How to Choose Ear plugs for Surfing

How To Choose Ear Plugs For Surfing

With so many varieties of ear plug available on the market it can be hard to know which are the best earplugs for surfing. Here we will go through some of the most important factors to consider. Material, cost, comfort and whether they come with a cord are all important. When you buy earplugs for surfing it is very important to make sure they are suitable for this purpose.

picture of a breaking wave
Flanged rubber earplugs. These look like little rubber Christmas trees. A handle protrudes to allow placement and removal. The rubber rings around the handle create a seal with the ear to keep water out. This type are often used for swimming and can be used for surfing as well. They last longer then soft silicon or wax earplugs but eventually the rubber flanges split and come off. They are effective at keeping water out of the ear canal but many people find them uncomfortable. This is because the handle is rigid and straight and the ear canal usually has a curve in it. The rings are circular and the ear canal is usually oval. This type can be connected with a cord, helping you to find them. If plugs are uncomfortable people tend not to wear them.

Moulded earplugs. These earplugs are available in two forms. Firstly you can visit your audiology clinic for a set of moulds to be made. The second way is to use a moulded kit such as ZenPlugs. This costs less and is much quicker. Moulded earplugs tend to be more comfortable than other varieties because they are shaped to the curves of your ear canal. This also makes them better at keeping water out. ZenPlugs are also anti-bacterial, helping to protect you against swimmer's ear. They are brightly coloured and can be connected on a cord. Although moulded earplugs tend to cost more to buy than the other types listed here, the cost per use is much lower as they last for years. Preventing surfer's ear is something which requires the use of protection for many years. As this type of earplug lasts much longer than the other varieties listed here, they are probably the best choice for this purpose.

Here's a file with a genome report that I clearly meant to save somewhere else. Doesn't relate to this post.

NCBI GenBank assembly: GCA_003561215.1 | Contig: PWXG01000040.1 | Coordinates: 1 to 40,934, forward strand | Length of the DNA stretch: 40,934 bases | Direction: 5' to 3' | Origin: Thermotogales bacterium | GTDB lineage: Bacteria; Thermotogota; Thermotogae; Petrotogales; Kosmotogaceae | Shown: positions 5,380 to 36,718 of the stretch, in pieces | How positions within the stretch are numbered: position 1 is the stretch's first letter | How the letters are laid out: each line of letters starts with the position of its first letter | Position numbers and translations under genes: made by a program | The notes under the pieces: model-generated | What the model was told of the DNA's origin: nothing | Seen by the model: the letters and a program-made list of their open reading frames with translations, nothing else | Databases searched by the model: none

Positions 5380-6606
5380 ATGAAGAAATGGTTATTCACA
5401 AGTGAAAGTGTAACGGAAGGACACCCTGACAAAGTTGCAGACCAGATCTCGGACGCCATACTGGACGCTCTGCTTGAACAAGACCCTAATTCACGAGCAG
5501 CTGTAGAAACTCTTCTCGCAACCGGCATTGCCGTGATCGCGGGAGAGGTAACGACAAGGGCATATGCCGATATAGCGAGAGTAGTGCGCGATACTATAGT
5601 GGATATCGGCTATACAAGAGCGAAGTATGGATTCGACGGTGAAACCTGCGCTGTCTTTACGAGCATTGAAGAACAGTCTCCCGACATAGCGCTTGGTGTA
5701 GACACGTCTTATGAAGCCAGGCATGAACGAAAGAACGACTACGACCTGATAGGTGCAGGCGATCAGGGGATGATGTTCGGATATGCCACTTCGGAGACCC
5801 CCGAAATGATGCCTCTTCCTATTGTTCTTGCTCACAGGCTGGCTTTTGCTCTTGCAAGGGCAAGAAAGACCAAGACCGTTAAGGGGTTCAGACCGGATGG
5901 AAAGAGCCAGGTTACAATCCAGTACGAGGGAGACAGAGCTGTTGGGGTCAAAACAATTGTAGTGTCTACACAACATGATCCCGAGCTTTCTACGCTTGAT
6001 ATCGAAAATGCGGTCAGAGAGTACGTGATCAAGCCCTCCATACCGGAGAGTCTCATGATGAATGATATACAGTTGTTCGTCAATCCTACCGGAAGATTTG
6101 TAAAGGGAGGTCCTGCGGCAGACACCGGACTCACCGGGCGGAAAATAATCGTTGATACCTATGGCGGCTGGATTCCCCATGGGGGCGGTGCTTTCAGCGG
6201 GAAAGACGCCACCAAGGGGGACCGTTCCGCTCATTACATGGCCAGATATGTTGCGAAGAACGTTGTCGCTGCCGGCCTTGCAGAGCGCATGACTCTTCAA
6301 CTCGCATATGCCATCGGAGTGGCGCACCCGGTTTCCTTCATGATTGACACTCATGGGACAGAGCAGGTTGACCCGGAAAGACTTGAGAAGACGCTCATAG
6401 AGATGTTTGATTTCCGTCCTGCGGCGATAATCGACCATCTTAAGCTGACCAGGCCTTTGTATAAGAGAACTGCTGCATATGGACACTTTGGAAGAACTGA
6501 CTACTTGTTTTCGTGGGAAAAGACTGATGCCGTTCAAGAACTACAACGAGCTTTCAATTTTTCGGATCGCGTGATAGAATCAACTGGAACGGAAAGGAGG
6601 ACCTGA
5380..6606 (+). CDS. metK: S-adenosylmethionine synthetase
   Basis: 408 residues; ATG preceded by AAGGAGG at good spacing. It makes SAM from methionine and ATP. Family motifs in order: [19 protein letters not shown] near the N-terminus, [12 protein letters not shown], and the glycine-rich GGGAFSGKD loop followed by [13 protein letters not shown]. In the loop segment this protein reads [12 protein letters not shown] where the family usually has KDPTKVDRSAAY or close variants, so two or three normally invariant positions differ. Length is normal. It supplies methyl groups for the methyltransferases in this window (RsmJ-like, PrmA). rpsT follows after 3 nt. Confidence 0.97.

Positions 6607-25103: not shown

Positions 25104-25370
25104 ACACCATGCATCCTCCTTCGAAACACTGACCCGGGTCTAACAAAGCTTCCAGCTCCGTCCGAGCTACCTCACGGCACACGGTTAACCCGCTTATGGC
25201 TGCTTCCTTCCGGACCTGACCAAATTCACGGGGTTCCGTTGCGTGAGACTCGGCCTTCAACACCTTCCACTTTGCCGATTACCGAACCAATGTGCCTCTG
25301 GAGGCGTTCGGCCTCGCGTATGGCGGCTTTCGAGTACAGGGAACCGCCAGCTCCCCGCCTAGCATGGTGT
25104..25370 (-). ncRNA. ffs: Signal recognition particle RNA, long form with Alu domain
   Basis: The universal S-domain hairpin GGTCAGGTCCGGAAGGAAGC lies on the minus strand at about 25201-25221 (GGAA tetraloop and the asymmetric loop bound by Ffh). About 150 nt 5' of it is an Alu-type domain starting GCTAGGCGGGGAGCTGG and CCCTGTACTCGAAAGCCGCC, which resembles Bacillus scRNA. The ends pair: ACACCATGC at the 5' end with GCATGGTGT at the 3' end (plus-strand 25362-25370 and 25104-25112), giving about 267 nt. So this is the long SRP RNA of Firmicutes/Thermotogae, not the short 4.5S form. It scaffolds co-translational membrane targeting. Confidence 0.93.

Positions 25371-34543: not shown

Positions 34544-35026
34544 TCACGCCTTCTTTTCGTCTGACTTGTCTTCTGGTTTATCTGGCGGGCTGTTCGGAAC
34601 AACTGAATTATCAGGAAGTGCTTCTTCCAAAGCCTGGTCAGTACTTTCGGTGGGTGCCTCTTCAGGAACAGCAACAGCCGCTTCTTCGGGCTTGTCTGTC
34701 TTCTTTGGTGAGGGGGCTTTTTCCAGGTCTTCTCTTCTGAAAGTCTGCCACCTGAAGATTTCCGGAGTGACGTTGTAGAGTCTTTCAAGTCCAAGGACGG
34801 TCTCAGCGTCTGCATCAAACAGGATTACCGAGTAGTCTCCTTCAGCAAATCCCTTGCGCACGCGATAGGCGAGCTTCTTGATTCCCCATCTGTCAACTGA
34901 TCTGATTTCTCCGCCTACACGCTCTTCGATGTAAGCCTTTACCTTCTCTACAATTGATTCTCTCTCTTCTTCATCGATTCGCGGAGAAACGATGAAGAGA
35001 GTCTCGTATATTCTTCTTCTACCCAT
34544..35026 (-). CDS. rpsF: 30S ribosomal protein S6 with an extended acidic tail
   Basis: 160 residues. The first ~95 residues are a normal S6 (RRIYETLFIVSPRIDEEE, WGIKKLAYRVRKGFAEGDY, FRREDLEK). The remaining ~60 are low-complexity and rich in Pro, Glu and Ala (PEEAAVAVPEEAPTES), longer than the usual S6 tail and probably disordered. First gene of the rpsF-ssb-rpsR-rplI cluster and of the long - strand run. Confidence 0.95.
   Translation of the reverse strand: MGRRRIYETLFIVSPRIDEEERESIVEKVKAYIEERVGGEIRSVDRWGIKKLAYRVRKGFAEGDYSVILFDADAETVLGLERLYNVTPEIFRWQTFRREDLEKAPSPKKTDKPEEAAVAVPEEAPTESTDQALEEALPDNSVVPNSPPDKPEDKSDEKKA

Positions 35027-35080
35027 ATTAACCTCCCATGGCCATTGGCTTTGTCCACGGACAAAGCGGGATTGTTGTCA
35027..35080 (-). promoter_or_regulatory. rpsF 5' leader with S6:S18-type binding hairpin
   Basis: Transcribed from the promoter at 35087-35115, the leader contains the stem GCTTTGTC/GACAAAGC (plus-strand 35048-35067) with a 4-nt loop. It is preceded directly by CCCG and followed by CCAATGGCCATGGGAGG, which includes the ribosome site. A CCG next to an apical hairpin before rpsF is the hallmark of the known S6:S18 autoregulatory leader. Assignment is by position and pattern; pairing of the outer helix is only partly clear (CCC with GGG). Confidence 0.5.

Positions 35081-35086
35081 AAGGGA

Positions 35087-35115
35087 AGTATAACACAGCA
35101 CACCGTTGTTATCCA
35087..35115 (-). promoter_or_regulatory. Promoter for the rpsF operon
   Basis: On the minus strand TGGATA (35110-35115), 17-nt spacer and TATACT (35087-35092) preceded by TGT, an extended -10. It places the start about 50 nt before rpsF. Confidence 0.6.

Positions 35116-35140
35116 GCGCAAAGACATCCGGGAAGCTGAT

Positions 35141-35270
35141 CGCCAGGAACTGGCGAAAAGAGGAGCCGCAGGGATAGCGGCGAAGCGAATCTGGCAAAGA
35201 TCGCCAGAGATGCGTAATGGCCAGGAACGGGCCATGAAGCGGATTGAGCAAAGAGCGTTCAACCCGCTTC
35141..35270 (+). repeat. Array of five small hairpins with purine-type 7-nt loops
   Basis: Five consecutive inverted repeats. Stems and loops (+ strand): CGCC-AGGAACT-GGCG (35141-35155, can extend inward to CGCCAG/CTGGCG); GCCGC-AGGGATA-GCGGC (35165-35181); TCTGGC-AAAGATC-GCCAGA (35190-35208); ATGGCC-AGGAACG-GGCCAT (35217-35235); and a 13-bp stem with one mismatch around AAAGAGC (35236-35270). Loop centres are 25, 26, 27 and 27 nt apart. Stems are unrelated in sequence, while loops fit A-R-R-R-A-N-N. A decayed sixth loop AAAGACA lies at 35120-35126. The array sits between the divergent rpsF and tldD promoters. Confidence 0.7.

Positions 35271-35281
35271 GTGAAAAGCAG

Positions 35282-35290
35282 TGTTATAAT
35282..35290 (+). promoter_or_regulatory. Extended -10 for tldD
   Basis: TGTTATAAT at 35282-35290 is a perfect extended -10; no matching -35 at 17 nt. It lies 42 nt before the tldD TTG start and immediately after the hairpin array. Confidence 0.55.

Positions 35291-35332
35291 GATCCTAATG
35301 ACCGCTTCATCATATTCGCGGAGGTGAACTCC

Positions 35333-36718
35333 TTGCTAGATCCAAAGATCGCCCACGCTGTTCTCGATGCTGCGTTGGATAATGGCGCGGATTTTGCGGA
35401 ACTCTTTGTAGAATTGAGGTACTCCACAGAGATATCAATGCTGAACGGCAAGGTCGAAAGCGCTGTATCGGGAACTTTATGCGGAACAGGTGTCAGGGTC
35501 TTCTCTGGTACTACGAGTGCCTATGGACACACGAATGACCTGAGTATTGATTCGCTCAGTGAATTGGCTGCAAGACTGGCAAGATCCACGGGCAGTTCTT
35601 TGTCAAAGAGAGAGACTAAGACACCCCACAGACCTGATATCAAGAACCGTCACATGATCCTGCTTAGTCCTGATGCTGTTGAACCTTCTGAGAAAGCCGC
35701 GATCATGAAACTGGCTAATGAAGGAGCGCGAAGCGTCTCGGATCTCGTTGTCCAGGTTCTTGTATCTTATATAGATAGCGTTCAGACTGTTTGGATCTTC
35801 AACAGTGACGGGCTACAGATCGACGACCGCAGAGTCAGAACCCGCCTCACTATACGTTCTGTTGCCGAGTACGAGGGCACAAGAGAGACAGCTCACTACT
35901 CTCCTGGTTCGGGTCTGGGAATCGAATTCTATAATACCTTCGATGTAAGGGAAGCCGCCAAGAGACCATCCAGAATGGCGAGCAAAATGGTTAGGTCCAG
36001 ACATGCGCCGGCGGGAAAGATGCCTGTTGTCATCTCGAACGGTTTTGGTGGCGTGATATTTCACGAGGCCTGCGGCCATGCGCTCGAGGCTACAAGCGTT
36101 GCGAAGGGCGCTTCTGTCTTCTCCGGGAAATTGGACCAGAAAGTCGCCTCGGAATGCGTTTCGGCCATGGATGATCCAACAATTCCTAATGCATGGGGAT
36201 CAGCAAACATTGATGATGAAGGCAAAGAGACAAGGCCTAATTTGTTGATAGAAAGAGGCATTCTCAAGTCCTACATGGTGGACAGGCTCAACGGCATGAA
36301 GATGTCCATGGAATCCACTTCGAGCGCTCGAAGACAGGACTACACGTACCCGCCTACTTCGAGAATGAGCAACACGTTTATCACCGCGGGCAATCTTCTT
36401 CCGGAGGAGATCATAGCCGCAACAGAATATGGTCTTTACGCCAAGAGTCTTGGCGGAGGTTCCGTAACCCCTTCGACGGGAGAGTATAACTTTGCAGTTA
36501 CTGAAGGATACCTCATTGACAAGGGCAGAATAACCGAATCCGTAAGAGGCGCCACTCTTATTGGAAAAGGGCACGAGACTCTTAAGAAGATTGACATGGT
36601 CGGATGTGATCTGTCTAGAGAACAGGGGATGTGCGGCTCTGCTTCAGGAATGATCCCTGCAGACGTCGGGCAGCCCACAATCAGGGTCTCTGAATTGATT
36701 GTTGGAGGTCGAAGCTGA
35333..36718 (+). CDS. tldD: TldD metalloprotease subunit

Foam earplugs. These are commonly found in shops and are suitable for sleeping but are not useful in the water. Although they may keep your ear canals warm, they will become waterlogged and increase the risk of swimmer's ear. This is an infection of the outer ear which is more likely when the skin remains wet for some time. You are better off with plugs which will keep water out, like most of the other varieties listed here.


Wax earplugs. These consist of a soft, malleable wax combined with cotton or synthetic fibres which stop the wax from breaking into pieces in your ear. They are great at keeping water out of your ears and stay in place because they are sticky. Unfortunately this stickiness can lead to a mess. Make sure you don't tread them into the carpet or put one in your pocket. This variety cannot be connected with a cord. It is important to be careful with these plugs because if they break apart in the ear fragments can be left behind. These would need to be removed by an ENT specialist or another doctor.

Soft silicon earplugs. These are malleable and similar to the wax earplugs I mentioned previously. They remain soft and sticky which means that they mould easily to your ear canals and stay in well. They are also effective at keeping water out of the ears. Again, unfortunately the stickiness is their main downfall in that they stick to clothes and carpets, leaving a mess. This type cannot be connected on a cord. Without care these can also fragment in the ear, leaving pieces behind.

Summary. There are many types of earplugs available to prevent surfer's ear. Each of them have their own advantages and disadvantages. In the long run, moulded earplugs are the best.

Dr Toby Bateson